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Re: Doc question: is "templatized" a word?


On Wed, Feb 15, 2017 at 1:57 PM, Jonathan Wakely <jwakely.gcc@gmail.com> wrote:
> On 15 February 2017 at 15:53, Jason Merrill wrote:
>> On Sat, Feb 11, 2017 at 4:19 PM, Jonathan Wakely <jwakely.gcc@gmail.com> wrote:
>>> On 11 February 2017 at 20:36, Sandra Loosemore wrote:
>>>> On 02/11/2017 06:21 AM, Jonathan Wakely wrote:
>>>>>
>>>>> On 11 February 2017 at 08:48, Gerald Pfeifer wrote:
>>>>>>
>>>>>> On Fri, 10 Feb 2017, Sandra Loosemore wrote:
>>>>>>>
>>>>>>> The documentation for -Wno-non-template-friend refers to
>>>>>>> "non-templatized
>>>>>>> friend functions" and "templatized functions".  I don't see the term
>>>>>>> "templatized" used anywhere in the C++ standard.  This paragraph also
>>>>>>> uses
>>>>>>> "nontemplate function", which I assume refers to the same thing the C++
>>>>>>> standard spells "non-template function".  So does "non-templatized
>>>>>>> function"
>>>>>>> also mean "non-template function"?  Or does it have some other meaning?
>>>>>>
>>>>>>
>>>>>> I would avoid "templatized" and believe "non-template function" is
>>>>>> more appropriate in your example.
>>>>>
>>>>>
>>>>> Yes,
>>>>>
>>>>> s/non-templatized/non-template/
>>>>> s/nontemplate/non-template/
>>>>> s/templatized function/function template/
>>>>>
>>>>> But I wonder if that warning is even useful nowadays. The example of
>>>>> "friend foo(int);" is bogus and is correctly rejected:
>>>>>
>>>>> fr.cc:2:17: error: ISO C++ forbids declaration of ‘foo’ with no type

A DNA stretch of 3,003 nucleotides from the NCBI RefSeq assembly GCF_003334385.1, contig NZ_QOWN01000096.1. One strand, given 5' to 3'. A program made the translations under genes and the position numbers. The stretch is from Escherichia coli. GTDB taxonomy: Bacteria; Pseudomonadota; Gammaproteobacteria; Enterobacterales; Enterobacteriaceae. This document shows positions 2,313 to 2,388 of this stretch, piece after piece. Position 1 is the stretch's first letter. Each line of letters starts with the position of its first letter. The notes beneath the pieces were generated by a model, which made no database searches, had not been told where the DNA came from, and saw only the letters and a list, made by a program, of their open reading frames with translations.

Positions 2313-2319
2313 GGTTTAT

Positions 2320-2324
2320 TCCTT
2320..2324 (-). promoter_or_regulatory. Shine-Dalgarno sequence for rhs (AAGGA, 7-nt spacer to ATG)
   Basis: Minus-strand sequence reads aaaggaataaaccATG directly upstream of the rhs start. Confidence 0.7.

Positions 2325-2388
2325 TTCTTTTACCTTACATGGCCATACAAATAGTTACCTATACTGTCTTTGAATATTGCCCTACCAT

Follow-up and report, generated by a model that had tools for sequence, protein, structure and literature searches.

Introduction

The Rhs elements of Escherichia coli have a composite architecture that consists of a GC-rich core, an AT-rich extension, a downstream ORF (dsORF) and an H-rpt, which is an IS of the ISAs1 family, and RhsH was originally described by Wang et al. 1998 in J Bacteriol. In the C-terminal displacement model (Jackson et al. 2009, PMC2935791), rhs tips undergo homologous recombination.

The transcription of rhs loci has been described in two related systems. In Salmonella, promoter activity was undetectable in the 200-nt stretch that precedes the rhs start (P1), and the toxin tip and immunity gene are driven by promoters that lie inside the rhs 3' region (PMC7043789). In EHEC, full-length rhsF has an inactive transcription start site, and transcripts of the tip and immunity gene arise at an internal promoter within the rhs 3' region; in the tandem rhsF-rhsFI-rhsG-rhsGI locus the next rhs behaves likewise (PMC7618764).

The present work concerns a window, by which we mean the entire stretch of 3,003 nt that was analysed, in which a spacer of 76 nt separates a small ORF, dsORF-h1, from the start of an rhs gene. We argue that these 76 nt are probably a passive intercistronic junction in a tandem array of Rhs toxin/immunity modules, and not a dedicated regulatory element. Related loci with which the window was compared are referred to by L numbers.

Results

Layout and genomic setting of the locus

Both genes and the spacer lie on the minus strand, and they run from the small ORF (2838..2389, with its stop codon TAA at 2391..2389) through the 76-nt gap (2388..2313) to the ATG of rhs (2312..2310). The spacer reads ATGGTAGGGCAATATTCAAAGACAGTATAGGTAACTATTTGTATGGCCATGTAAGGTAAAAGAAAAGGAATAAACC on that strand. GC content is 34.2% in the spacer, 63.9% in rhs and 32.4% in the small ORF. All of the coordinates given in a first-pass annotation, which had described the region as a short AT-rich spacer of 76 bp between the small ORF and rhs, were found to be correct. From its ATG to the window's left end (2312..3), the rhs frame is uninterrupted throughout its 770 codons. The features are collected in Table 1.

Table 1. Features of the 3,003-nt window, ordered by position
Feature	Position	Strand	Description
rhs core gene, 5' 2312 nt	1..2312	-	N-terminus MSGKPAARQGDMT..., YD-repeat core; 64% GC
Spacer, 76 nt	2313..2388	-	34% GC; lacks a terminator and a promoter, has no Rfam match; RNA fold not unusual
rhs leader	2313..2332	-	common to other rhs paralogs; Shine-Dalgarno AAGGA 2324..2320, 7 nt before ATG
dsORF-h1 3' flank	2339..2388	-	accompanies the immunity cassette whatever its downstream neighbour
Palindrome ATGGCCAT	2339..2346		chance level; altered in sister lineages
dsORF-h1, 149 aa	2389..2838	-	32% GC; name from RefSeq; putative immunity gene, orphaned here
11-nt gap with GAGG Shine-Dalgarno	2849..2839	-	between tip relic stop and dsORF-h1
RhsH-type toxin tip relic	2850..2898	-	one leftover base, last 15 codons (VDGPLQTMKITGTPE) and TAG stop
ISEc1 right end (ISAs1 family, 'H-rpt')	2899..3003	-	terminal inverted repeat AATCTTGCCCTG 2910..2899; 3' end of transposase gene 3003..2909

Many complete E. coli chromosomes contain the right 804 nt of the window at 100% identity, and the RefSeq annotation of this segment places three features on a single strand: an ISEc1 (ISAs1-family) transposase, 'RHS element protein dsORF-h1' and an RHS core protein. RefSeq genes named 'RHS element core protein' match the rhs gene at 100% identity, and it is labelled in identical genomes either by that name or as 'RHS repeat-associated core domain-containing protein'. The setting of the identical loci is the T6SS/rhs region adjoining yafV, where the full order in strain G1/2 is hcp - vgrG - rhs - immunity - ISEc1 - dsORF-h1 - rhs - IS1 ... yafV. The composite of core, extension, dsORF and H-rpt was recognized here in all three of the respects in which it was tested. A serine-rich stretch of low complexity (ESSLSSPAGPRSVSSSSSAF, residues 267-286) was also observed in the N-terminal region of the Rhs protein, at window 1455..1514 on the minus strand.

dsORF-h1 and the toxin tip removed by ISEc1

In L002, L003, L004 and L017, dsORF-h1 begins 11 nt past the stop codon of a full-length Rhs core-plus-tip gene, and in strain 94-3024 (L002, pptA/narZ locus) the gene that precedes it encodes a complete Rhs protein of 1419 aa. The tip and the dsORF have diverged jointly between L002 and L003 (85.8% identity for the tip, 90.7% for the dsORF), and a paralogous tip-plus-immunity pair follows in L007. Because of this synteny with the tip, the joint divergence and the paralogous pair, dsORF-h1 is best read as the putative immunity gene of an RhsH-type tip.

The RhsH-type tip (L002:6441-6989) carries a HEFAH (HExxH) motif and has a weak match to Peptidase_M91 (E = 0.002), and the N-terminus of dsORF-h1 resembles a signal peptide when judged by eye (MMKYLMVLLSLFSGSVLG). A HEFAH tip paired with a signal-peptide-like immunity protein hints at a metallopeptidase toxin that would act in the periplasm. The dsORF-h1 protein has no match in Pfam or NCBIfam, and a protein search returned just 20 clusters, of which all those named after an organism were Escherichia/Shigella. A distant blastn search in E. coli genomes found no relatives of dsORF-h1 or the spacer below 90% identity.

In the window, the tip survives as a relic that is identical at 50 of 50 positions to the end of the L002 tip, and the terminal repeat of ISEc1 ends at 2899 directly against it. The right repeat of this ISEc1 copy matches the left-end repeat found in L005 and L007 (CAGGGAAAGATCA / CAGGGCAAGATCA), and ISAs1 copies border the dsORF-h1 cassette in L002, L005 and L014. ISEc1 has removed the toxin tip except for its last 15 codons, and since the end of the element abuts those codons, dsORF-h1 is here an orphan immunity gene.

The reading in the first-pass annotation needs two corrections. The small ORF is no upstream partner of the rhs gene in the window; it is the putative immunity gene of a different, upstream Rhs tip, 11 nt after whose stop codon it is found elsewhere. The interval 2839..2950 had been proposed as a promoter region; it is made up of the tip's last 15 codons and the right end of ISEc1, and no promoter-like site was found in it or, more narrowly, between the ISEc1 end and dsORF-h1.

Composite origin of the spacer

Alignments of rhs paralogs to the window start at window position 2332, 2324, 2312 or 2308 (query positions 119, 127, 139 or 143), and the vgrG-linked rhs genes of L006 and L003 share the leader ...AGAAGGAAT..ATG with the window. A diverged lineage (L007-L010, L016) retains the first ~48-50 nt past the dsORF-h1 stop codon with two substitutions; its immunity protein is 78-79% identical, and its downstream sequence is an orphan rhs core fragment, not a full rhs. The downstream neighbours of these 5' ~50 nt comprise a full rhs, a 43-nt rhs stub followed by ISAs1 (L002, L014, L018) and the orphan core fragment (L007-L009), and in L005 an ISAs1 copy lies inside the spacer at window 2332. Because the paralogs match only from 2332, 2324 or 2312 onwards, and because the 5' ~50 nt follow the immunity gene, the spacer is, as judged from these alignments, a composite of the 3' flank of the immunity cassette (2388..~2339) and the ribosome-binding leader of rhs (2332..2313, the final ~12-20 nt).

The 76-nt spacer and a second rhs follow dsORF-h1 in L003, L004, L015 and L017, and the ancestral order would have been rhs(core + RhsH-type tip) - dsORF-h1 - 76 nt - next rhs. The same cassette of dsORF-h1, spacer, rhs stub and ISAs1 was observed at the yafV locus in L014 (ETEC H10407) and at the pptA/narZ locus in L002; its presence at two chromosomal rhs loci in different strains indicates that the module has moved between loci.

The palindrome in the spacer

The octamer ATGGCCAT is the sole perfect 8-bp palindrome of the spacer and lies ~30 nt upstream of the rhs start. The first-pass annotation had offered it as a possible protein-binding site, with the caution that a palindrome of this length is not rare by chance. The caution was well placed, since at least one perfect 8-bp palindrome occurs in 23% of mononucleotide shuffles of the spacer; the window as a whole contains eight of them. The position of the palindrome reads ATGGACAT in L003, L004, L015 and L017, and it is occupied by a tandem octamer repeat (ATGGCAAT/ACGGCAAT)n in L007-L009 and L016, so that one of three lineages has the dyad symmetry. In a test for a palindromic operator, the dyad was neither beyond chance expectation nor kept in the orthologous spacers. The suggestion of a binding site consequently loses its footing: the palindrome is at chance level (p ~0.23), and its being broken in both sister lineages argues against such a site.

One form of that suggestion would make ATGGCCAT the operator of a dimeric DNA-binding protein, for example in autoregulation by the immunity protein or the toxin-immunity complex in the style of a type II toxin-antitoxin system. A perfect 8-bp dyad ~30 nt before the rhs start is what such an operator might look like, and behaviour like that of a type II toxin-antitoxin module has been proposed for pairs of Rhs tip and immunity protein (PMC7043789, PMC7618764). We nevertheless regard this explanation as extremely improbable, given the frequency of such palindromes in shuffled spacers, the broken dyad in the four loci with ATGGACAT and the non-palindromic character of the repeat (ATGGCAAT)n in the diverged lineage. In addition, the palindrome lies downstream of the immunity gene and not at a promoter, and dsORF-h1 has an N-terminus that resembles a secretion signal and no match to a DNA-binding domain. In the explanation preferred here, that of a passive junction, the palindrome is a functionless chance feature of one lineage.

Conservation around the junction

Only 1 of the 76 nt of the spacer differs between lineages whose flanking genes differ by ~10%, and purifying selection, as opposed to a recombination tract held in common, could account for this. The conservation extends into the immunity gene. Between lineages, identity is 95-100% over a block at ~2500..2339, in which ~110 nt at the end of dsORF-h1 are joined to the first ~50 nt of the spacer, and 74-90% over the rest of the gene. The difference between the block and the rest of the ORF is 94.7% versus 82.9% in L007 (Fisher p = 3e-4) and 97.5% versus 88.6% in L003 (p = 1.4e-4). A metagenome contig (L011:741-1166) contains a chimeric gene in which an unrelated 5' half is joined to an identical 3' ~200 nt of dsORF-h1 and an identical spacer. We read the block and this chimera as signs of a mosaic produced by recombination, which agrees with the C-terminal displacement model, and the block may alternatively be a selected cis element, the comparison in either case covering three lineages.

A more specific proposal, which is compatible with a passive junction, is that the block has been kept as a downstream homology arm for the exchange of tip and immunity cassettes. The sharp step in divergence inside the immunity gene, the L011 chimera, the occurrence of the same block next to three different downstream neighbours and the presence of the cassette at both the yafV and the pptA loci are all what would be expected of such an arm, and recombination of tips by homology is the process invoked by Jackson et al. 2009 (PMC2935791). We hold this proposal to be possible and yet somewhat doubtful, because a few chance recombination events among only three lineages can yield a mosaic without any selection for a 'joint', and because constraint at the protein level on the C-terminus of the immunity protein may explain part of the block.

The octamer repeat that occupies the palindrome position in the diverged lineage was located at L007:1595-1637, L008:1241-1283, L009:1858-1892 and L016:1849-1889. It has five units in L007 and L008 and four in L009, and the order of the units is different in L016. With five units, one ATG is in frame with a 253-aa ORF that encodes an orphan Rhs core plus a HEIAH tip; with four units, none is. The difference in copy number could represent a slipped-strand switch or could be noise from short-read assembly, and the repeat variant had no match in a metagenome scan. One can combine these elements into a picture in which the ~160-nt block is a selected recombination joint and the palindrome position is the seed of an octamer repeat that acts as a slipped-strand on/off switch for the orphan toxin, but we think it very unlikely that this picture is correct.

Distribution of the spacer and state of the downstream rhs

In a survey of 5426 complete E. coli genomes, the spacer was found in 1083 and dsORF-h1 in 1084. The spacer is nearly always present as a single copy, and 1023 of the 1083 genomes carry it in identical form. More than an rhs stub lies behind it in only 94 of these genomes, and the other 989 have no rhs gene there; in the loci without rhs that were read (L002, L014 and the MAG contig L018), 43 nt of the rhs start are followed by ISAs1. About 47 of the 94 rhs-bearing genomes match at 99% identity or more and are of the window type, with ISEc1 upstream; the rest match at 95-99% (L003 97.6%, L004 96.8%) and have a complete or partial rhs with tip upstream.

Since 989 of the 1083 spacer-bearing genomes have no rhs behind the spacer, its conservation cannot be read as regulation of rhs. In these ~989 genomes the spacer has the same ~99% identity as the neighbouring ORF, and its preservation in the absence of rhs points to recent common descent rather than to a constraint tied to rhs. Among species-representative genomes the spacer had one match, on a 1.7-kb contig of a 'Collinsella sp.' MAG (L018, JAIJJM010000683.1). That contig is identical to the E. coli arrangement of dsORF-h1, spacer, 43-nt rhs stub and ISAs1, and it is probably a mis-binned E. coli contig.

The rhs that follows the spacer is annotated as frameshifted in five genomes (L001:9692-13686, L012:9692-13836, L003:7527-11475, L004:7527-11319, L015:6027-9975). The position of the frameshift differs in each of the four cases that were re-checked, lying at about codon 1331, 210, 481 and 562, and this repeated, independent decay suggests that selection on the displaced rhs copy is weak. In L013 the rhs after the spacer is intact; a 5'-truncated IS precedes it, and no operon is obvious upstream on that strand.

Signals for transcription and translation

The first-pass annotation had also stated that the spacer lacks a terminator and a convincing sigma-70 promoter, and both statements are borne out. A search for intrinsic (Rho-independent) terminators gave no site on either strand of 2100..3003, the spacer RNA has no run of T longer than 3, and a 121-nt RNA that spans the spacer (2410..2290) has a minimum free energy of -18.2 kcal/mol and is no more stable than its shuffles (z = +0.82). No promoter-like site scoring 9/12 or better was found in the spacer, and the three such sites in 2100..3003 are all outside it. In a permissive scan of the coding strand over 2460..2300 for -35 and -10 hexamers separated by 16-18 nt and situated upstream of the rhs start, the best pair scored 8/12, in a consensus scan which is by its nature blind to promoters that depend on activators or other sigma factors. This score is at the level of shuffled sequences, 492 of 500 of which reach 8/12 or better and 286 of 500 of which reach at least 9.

>>>>> [-fpermissive]
>>>>>     friend foo(int);
>>>>>                   ^
>>>>
>>>>
>>>> I hadn't actually gotten that far :-) but it looks like that's an
>>>> implicit-int error unrelated to the actual purpose of this option.
>>>>
>>>> This ended up on my todo list firstly because "templatized" didn't
>>>> spell-check, and secondly because the "new compiler behavior" documented in
>>>> connection with this option has existed at least since 1998 and can hardly
>>>> be considered "new" any more.  Also I think the reference to section 14.5.3
>>>> of the C++ standard is bit-rotten (it's 14.5.4 in the c++0x draft I have
>>>> handy).
>>>>
>>>> I'll leave it up to the C++ experts to decide whether the option should just
>>>> be removed and the warning replaced with a hard error controlled by some
>>>> other flag.
>>>
>>> It definitely shouldn't be turned into a hard error, the warning
>>> complains about valid code, such as:
>>>
>>> template<typename T> struct A {
>>>   friend int foo(T);
>>> };
>>>
>>> int main() {
>>>   A<int> a;
>>> }
>>>
>>> I think it warns because the meaning of that code changed, a *long*
>>> time ago, so it's saying "if you wrote this code in the 1990s it might
>>> do something different to what you expect."
>>>
>>> I'm not sure how useful that warning is now, although EDG warns for it
>>> too (with a fix-it hint that I think is bogus):
>>>
>>> "fr.cc", line 2: warning: "int foo(T)" declares a non-template function -- add
>>>           <> to refer to a template instance
>>>     friend int foo(T);
>>>                ^
>>
>> That fix-it looks fine to me;
>
> Where should I add the <> to make it valid?
>
> If I change the example to "friend int foo<>(T);" EDG says it's not a template:
>
> template<typename T> struct A {
>   friend int foo<>(T);
> };
>
> int main() {
>   A<int> a;
> }
>
> "fr.cc", line 2: error: foo is not a template
>     friend int foo<>(T);

Yep, you would also need to declare the foo template earlier in the TU.

Jason


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